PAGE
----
Seminaries should both lead and serve. As institutions, they can be models of servant leadership for their students. Central to the seminary’s role is answering the question, “Where can one best put one’s effort to build a better society?” Since caring for people makes a good society, seminaries (more than any other institutions) potentially hold, through the churches, the greatest potential to influence the caring, serving qualities of an entire society. Seminaries should answer these basic questions about their purpose:
- Are the theological resources of the seminary adequate?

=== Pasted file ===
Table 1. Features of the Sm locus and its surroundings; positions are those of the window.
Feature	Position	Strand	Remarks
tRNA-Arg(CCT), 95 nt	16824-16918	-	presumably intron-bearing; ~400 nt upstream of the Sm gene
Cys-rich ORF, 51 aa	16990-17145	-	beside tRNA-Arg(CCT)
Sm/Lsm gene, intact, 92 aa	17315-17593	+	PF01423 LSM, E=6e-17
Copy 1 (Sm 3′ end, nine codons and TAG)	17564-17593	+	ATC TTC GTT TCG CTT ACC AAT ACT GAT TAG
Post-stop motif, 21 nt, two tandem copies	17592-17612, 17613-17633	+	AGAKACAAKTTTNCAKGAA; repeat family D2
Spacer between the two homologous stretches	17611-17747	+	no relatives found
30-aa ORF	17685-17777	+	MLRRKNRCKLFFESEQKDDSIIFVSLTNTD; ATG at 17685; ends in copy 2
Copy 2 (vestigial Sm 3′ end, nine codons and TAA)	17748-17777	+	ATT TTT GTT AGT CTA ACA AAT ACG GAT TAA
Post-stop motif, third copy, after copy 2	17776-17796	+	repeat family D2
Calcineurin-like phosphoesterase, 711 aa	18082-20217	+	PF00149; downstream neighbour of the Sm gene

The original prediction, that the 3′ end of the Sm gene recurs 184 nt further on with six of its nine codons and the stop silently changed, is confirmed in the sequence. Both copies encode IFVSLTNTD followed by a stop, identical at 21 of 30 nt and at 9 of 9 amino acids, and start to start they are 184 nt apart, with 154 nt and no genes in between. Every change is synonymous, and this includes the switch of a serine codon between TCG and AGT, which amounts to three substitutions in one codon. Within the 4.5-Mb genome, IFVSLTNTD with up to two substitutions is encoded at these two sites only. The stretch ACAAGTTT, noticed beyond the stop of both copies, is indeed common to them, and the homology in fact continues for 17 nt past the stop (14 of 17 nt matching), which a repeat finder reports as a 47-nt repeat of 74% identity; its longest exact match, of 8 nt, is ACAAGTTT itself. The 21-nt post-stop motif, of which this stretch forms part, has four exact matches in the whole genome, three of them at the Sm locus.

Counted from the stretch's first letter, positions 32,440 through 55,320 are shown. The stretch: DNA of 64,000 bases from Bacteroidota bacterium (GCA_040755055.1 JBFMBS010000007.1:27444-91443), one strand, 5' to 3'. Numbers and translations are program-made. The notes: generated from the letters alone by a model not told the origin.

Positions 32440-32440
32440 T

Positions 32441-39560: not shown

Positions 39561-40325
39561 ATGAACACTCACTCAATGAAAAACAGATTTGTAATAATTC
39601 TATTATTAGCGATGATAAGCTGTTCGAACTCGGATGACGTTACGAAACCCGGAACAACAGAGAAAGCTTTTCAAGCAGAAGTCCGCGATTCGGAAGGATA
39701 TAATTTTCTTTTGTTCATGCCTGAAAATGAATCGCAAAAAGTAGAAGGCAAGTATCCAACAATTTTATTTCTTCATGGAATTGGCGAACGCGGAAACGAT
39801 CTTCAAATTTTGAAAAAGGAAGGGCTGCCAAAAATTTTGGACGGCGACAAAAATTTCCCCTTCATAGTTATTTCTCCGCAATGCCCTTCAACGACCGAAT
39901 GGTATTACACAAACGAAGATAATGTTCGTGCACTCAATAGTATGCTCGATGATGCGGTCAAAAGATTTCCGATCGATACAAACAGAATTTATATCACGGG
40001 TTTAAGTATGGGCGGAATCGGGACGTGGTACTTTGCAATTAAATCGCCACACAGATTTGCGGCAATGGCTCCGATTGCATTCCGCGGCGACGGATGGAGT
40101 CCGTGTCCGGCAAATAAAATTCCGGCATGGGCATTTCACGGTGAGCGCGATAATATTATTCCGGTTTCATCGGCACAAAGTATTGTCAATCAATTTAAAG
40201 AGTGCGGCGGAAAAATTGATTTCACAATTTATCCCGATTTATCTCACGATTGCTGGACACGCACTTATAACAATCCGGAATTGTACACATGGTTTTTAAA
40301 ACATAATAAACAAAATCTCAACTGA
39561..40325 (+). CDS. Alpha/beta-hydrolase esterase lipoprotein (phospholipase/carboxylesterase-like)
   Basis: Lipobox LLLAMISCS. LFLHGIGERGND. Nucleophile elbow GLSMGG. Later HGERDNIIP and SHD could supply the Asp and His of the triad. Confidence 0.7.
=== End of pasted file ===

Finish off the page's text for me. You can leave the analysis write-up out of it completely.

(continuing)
- Whom and what purpose does the seminary serve?
- What should be the content and teaching method of the seminary?
- How best to serve the churches?
- How can the seminary be a constant source of prophetic vision?
Essay 7 — My Debt to E.B. White
Writer E.B. White had two gifts that are rarely seen in one person: the ability to see things whole, and the language to tell what he sees. From reading E.B. White, you are assured that you will see clearly where you are (and where you and others in similar circumstances have been), and if your direction is right. Then you will have a better idea of what to do now.
Essay 8 — Old Age: The Ultimate Test of Spirit